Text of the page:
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Provincial advocacy group calling for overhaul of Workplace Safety and Insurance Board

Occupational Disease Reform Alliance includes Northern Ontario disease clusters
Miners were forced to inhale McIntyre Powder, finely ground aluminum, as a requirement of employment at selected mines across Northern Ontario between 1943 and 1980.

A newly formed coalition of workers’ rights advocates from across the province is calling for a major overhaul of the Workplace Safety and Insurance Board (WSIB).

The Occupational Disease Reform Alliance (ODRA), introduced on Oct. 29, wants the WSIB to formally recognize occupational disease and make the compensation claims process easier and faster to navigate, while being fairer to workers.

Its launch comes on the heels of the province’s Oct. 6 announcement proposing new legislation that, if passed, could return nearly $3 billion from the WSIB’s reserve funds to employers.

Sue James, who chairs the alliance, believes those funds would be better spent on settling outstanding workers' compensation claims, some of which have been in limbo for years or decades.

In some cases, workers have died before their claim can be reviewed.

“Our alliance of workers, advocates and families has come together to shed light on the epidemic of occupational disease in our communities across Ontario and the absolute failure of our government and the WSIB to address this effectively,” James said during the online launch.

“We all know the outcomes; we’ve seen them – literally, thousands of workers annually will die from occupational disease.”

Nine worker groups are represented by the alliance, including four from Northern Ontario. Group members have developed, or watched family members develop, various illnesses belonging to the same disease clusters after working in industrial settings.

In the North, that includes miners who inhaled McIntyre Powder at various mines across the region between 1943 and 1980; construction workers who built a boiler at the Weyerhaeuser pulp and paper mill in Dryden in the early 2000s; steel mill workers in Sault Ste. Marie; and former employees of now-closed Neelon Casting, which made brake parts, in Sudbury.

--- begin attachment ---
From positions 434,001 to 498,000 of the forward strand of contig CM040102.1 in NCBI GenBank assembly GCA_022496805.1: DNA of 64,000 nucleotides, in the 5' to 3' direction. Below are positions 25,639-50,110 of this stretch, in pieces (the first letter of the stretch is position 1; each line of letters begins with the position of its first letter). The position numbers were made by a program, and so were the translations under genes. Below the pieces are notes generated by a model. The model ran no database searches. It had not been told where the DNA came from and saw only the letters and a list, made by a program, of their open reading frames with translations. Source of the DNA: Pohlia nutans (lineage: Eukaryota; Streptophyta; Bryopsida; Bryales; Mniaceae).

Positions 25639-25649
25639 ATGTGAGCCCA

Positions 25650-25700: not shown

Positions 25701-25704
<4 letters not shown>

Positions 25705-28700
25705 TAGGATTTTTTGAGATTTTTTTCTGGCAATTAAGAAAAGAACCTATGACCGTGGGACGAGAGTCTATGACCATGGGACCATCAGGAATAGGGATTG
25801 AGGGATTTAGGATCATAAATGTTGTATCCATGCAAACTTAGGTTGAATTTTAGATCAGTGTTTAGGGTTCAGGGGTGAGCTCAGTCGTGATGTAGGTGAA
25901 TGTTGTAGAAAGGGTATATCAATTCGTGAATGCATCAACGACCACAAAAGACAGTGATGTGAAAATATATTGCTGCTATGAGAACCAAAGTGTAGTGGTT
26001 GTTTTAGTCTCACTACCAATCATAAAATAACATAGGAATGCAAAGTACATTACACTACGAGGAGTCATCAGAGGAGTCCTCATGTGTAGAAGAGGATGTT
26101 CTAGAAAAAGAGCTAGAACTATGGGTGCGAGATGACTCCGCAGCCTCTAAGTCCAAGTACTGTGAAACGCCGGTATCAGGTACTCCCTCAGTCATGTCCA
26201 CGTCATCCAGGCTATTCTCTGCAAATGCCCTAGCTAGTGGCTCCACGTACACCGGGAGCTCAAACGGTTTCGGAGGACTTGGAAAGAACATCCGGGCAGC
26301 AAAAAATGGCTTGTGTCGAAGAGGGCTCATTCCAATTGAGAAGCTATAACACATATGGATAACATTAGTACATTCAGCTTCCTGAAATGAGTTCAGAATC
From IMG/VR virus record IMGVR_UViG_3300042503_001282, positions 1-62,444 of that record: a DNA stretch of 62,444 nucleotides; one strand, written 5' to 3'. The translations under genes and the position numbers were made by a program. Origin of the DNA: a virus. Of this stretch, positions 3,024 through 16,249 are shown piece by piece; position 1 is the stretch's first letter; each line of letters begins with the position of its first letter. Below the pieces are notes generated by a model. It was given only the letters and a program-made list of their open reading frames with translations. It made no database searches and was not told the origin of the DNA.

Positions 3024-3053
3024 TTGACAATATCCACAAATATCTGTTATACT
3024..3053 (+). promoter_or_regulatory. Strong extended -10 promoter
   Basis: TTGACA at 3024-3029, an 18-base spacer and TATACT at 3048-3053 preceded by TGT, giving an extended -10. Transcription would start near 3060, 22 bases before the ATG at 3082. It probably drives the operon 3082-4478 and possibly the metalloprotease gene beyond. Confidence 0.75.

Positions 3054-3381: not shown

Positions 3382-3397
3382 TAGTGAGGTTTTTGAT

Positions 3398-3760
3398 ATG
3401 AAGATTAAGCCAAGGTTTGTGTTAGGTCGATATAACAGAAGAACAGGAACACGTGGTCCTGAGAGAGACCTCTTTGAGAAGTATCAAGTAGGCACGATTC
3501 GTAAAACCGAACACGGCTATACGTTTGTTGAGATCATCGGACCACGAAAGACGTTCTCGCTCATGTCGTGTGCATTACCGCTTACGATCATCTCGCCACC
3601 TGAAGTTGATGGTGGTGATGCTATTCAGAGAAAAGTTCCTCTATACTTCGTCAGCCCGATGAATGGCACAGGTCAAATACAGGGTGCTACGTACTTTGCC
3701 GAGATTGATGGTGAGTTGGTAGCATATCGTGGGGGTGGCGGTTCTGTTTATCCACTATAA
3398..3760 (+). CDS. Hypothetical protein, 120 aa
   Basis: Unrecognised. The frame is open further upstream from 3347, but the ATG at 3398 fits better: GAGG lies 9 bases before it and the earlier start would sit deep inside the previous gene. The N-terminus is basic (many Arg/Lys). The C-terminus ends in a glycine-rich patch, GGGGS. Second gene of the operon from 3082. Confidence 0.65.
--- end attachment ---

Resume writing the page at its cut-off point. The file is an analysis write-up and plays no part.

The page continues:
Beyond Northern Ontario, the groups include workers from Chemical Valley in Sarnia and General Electric in Peterborough, rubber workers from Kitchener-Waterloo, and workers from Pebra/Ventra Plastics in Peterborough.

In her petition for reform, James appealed directly to Labour Minister Monte McNaughton to adopt four specific changes to the current system.

“Quite frankly, this work… should have been done 20 years ago, an investigation into the patterns of disease that have struck our entire province,” James said.

“We are calling on the minister of labour to implement and enforce our four demands to reform our compensation system.”

They include:

  • granting entitlement for occupational diseases when they exceed the level circulating in a community;
  • using available evidence of occupational disease in the workplace – including that gathered by workers and communities – as the standard for evaluating claims;
  • expanding the list of compensable diseases that are presumed to be work-related, and possibly using the firefighters presumption list as a template; and
  • recognizing claims diseases resulting from multiple exposures, carcinogens and irritants, rather than focusing on a single exposure or occupation.

“We need to have reform for these people that would enhance and truly reflect the needs and outcomes of workers and families through a fair, just and timely process,” James said.

Minister McNaughton was not made available for an interview.

However, in a written statement, the Ministry of Labour referred comment back to the WSIB.